Mourners who attended a viewing of former North Carolina Sen. Jesse Helms on Monday remembered the conservative champion as the last politician of his kind.
Helms, who died Friday after years of failing health, lay in a closed casket covered with a U.S. flag and flanked by state troopers at Hayes-Barton Baptist Church.
The Republican, who served in the Senate from 1973 to 2003, worshipped there for decades and served as a deacon.
The front of the sanctuary was decorated with a painting of Helms at work and flowers from U.S. senators including Elizabeth Dole, who took Helms' seat when he retired in 2003.
"The Bible teaches that your 'yes' means 'yes' and your 'no' means 'no,'" said Parker Gresham, 39, of Raleigh. "That's something he followed. You always knew where he stood."
The funeral was scheduled for 2 p.m. Tuesday, followed by a private burial for family members.
Ashley Reid, 50, said he remembered Helms as a man who represented a different type of politics.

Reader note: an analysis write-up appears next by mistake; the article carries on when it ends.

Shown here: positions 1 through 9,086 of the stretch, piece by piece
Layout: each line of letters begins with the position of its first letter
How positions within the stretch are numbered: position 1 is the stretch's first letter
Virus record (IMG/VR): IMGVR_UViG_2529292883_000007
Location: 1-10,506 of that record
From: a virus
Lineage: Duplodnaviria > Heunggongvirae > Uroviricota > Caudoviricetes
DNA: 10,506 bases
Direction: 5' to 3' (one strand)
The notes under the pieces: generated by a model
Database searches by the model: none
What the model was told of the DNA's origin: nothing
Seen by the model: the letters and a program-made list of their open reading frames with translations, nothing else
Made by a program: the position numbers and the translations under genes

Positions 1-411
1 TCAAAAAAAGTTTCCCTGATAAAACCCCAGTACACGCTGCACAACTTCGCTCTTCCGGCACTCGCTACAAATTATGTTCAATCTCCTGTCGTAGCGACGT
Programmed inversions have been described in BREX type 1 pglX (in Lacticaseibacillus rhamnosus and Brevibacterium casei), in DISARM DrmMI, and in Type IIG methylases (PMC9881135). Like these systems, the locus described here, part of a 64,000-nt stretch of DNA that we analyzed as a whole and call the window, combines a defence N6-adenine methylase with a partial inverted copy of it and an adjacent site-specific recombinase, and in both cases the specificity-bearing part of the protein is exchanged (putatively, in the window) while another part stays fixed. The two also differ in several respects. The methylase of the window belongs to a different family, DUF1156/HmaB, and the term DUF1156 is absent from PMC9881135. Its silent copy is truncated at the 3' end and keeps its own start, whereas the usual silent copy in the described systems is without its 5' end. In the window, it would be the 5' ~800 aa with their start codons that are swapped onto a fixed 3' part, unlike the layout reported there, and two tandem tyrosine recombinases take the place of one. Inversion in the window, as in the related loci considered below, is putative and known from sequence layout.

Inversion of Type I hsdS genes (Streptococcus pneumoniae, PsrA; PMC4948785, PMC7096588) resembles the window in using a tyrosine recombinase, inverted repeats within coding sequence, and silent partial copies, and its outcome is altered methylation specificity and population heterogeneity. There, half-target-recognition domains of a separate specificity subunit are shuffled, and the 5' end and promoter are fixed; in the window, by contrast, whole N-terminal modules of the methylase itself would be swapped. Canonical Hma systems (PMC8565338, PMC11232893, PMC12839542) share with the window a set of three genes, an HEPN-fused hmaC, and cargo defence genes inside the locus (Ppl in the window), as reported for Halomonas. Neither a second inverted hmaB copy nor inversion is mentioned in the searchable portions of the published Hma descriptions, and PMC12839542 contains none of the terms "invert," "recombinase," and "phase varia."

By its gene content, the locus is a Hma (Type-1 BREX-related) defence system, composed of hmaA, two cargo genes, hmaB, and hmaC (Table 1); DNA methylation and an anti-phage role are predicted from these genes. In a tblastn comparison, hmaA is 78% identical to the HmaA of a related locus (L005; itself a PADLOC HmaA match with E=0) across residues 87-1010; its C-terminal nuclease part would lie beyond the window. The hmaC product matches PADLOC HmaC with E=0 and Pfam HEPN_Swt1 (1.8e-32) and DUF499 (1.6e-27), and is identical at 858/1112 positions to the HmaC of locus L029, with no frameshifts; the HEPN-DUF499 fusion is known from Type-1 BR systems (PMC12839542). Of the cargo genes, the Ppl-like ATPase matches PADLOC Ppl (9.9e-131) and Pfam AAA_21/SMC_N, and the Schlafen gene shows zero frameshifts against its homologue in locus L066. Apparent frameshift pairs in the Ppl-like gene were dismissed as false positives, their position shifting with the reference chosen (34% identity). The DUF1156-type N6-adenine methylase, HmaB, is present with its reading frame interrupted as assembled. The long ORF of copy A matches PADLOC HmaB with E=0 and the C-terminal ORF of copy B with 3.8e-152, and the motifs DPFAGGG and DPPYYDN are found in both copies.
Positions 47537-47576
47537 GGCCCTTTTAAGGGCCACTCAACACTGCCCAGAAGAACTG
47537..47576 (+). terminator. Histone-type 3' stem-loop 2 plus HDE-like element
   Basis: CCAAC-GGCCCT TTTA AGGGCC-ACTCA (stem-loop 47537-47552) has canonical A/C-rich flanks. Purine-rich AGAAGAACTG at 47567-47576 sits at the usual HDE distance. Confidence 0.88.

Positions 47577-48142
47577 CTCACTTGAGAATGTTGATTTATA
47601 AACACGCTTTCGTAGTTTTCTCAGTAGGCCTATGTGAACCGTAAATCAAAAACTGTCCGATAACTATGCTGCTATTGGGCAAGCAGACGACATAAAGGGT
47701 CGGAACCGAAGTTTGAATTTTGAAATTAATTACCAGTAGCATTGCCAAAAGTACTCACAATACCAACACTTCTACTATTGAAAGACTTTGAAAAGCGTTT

"I don't think we have any true statesmen today — I think Jesse was one of the last statesmen the Senate ever had," said Reid, whose father-in-law used to cut Helms' hair in Raleigh. "I didn't totally agree with everything Jesse said. He was controversial. He was polarizing. But I liked the way he stuck to his guns."
Helms won election to the Senate in 1972 and rose to become a powerful committee chairman before deciding not to seek re-election in 2002.
He never lost a political race, but his margin of victory was never large, reflecting his image as a polarizing figure both at home and in Washington. In the Senate, he forced roll-call votes that required Democrats to take politically difficult votes on cultural issues, such as federal funding for art he deemed pornographic, school busing and flag-burning.
He also ran racially tinged campaigns in his last two runs for Senate, defeating former Charlotte Mayor Harvey Gantt, who is black, in 1990 and 1996.